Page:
More watercolors from the early 90's

A good friend of mine, Gabor Svagrik and I had a two person art show at the Palette and Chisel in Chicago in 1995. Here are a few of my pieces from the show that sold:

The cat's name is Greta, the best cat in the world. She no longer lives with me.

Seeing these makes me feel homesick for the past. it was a difficult time during those post art school years in the 90's. However, it was good. I was doing nothing but painting: painting backgrounds at Calabash all day then heading over to the Palette and Chisel art league at night, and then more painting on the weekends. My mind must have really been in the groove back then. I can see it in the work. Over time, my career shaped my life: I went digital, struggled to make a living, finally got a good job, all of which seems to have changed my personal paintings. I think what I've been doing as of late in my own work has been more tense looking. Maybe it has something to do with the stakes being higher the older I get. What does an artist do when faced with making a living? Art school does not instruct the student in how to protect the heart, much less communicate with it. The desire to paint never goes away; it becomes more intense.


Jamie Baker said...

these are great. I really really like them. I want to see you do some watercolours again. This medium clearly suits you well.

Perhaps the "tense looking" thing you are seeing in your own work lately is due to the media you use now; Oil or digital, which allow you to work and rework a piece, whereas watercolour obliges you to put it down once and leave the freshness alone? Maybe that is the "in the groove" thing you mention?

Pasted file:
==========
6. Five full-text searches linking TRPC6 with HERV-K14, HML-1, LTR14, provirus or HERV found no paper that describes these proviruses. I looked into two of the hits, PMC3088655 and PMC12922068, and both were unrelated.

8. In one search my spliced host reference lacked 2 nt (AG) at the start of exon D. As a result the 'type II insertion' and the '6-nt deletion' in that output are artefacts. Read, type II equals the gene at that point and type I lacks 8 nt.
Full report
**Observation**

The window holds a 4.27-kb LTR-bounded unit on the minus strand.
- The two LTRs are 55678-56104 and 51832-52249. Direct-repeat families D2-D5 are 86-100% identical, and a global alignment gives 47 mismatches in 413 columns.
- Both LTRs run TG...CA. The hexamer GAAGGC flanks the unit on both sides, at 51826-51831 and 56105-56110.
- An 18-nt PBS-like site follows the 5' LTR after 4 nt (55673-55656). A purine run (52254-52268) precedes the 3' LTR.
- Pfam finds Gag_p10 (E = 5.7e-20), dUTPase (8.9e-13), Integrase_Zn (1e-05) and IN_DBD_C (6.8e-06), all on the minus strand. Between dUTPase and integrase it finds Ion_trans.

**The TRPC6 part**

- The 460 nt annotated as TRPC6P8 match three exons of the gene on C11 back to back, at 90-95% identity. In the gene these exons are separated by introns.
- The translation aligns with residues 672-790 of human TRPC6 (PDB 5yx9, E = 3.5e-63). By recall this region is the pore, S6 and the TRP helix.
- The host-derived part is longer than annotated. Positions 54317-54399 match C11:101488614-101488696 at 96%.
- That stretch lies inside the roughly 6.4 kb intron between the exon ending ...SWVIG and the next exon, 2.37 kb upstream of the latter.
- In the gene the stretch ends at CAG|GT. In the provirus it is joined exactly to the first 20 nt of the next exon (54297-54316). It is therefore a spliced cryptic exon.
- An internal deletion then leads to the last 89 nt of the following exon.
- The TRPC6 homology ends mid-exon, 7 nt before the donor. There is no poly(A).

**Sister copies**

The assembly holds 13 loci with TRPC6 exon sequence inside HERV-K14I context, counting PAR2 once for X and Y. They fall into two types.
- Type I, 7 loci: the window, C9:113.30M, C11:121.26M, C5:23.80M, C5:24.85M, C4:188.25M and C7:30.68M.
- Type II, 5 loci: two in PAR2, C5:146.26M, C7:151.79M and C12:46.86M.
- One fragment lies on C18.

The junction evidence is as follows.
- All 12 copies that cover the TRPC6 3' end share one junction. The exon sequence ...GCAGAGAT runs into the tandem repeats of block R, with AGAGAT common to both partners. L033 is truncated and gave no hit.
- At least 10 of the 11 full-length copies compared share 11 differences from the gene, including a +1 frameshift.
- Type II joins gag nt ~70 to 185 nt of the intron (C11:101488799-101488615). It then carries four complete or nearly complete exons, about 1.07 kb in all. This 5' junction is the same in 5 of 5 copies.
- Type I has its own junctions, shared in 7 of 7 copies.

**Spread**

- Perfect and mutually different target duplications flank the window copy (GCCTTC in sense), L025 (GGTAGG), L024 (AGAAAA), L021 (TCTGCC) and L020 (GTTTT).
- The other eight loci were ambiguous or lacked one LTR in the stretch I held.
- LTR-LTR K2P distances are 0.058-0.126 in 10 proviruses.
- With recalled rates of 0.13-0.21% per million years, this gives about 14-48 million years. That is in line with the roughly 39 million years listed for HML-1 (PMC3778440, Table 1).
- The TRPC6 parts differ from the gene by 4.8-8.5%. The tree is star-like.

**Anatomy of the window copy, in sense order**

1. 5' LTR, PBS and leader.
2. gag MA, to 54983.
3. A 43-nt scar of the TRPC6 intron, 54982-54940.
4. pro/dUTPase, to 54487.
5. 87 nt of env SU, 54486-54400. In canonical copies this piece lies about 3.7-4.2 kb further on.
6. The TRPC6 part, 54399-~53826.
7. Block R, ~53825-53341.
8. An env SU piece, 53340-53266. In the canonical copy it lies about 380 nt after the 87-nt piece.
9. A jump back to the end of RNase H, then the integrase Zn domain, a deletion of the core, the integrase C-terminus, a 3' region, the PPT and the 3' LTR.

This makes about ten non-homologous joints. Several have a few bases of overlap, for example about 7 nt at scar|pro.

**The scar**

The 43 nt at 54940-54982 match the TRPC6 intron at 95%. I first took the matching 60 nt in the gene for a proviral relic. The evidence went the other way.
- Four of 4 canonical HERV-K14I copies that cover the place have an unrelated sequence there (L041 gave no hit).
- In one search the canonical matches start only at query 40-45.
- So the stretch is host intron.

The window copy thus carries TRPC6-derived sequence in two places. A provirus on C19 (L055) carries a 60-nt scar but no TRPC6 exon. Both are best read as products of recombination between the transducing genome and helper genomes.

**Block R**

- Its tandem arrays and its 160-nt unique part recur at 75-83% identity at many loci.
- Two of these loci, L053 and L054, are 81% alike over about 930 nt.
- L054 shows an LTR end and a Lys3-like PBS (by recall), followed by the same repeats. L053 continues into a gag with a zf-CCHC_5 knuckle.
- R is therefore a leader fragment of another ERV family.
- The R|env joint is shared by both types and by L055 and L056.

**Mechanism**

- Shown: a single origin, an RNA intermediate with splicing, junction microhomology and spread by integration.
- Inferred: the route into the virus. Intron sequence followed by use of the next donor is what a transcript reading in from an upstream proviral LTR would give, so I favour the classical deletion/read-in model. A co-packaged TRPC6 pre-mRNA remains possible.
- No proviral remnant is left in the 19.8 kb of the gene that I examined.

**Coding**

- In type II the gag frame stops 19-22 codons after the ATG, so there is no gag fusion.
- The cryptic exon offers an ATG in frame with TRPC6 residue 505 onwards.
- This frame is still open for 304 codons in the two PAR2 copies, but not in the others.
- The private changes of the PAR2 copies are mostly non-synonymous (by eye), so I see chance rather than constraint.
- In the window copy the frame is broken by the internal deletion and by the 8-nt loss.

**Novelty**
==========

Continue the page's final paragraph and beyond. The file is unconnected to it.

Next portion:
Protecting the human heart is difficult. Of course, other parts of our body protect themselves by simply developing calluses... not such a good idea for the heart because that means that it is no longer able to feel... and what good is a heart that can no longer feel?

Perhaps it is akin to caring for a child: you try to protect it but not to the point of shutting it off from the world and the chance to make its own mistakes. Pain is a part of a normal life all and we must feel that too. The main thing is to be ready to do it all again, hopefully with the wisdom of age (MINUS the bitterness) and with as much of the freshness of young-heartedness as we can muster, each time we fall (or are knocked) down.

Anyway, I submit to you that the answer to this particular dilemma is best found not in art school but in the art you make itself. If not exactly protection for the heart then at least the healing part that allows you to get back up and go through it all again...

This is a great post, However, I know a certain grey someone who would get bitey if she heard that someone ELSE is thought of as the "best cat in the world"

chris miller said...

Hi Julia,
I don't remember those paintings, but I do remember that male model, and that's a very good portrait of him.


Another wonderful work

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